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The Scotsman: Russian energy broadside aims at Exxon after Shell

By Mikhail Yenukov

MOSCOW (Reuters) – Russia’s government switched the focus of its attack on huge foreign-led energy projects to Exxon Mobil’s Sakhalin-1 oil scheme on Thursday, saying it would forbid a $4.2 billion overspend that cut Moscow’s profits.

Moscow has already taken aim at Royal Dutch Shell’s massively over-budget Sakhalin-2, which it has ordered to be partly for environmental infringements, prompting tough criticism of its actions from Japan and the European Union.

The moves against on Shell and Exxon are widely seen as part of a broader Kremlin move to tighten its grip on the energy sector, a drive which is expected to speed up before Vladimir Putin’s presidency is due to end in March 2008.

Analysts have said Russia is trying to force foreign oil majors to give up part or all of their advantageous production sharing agreements (PSAs), which were negotiated at a time of much lower global oil prices.

“If costs continue to rise without control, Russia will be left with only six percent of royalties, while all profit oil will go to repaying costs,” Sergei Fyodorov, head of geological and subsoil use policies at the Ministry of Natural Resources, said of Exxon’s project on Sakhalin island in the Pacific.

Meanwhile another Russian official said that Exxon would not be allowed to start regular shipments of oil to Asian refiners before November 15, as the company wanted, because its terminal needed more checks.

Fyodorov told Reuters in an interview that his ministry had been informed on a preliminary basis that Exxon’s costs could rise to $17 billion from an initial $12.8 billion, but it had seen no final documents.

This follows a doubling of costs to $20 billion at Shell’s Sakhalin-2 project, which Russia has severely opposed.

He said costs, as well as slow drilling operations and underperformance on other aspects of the project, may serve as a basis for the withdrawal of operating licences.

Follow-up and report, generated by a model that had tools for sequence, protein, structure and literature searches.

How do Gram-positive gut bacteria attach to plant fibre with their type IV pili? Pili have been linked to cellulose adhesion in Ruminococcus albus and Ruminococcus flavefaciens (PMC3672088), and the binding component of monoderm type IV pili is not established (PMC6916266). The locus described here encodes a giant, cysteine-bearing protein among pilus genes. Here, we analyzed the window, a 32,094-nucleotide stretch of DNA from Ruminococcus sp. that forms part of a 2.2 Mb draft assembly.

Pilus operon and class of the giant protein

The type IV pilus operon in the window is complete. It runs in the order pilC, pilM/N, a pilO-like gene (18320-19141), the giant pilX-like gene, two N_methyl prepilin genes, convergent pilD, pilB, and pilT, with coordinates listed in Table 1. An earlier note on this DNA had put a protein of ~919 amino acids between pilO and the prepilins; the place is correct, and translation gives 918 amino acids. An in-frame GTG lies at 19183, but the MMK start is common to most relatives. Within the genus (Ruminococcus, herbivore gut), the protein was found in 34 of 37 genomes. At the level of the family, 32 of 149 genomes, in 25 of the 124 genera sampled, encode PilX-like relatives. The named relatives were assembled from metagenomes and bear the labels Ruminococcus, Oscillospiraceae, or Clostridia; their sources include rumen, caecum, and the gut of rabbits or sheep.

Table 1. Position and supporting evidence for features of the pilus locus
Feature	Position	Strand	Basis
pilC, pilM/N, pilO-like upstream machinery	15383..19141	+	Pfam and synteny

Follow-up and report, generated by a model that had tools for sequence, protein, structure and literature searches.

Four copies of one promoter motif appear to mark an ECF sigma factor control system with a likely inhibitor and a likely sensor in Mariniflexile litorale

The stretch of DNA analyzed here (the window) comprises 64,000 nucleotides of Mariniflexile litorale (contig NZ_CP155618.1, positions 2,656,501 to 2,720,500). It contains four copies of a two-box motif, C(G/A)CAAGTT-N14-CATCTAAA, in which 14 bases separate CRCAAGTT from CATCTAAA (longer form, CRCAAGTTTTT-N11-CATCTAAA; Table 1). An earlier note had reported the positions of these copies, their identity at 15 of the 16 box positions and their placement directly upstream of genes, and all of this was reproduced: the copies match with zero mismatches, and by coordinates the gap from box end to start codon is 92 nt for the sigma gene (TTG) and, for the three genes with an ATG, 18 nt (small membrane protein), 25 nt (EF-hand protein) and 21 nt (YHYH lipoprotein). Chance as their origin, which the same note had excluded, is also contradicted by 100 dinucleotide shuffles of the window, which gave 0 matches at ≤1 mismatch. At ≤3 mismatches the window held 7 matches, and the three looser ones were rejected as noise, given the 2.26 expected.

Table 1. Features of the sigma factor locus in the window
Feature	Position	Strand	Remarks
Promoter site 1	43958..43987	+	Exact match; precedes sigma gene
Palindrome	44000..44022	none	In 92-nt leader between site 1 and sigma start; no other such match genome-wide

“Our lawyers believe it is possible and does not contradict the agreements,” he said.

TWO CARGOES INSTEAD OF FIVE

The production sharing agreement signed in 1993 does not allow Russia to unilaterally terminate the project. But record oil prices mean Russia is losing out on potential revenue.

Shell is already producing oil and plans to build the world’s largest plant to liquefy natural gas by 2008 to supply customers in Japan and the United States.

Exxon plans to produce 250,000 barrels per day by the end of this year from Sakhalin-1, with exports scheduled to begin at the end of September. It will be the biggest addition of crude in the region for years and is eagerly awaited by refiners as an alternative to supplies from the Middle East.

But Russia’s technical standards watchdog in the Far East, Alexander Poleshchyuk, told Reuters he believed Exxon’s De Kastri terminal would be allowed to export the Sokol crude only in two trial cargoes of 100,000 tonnes each before Nov 15.

He said Exxon wanted to export five cargoes.

“We have a lot of remarks concerning completion and launch of the terminal. But these are working issues, which always arise when an object is being readied for launch,” he said.

“For us to issue a permission to launch the terminal, they (Exxon) have to submit it for launch permission. The plan today is for November 15.”

“Before that trial tanker loadings are possible. They want to lift five trial tankers. We believe they cannot load more than two 100,000 tonne cargoes,” he said.

(c) Reuters 2006. All rights reserved. This article:

http://business.scotsman.com/latest.cfm?id=1397912006 

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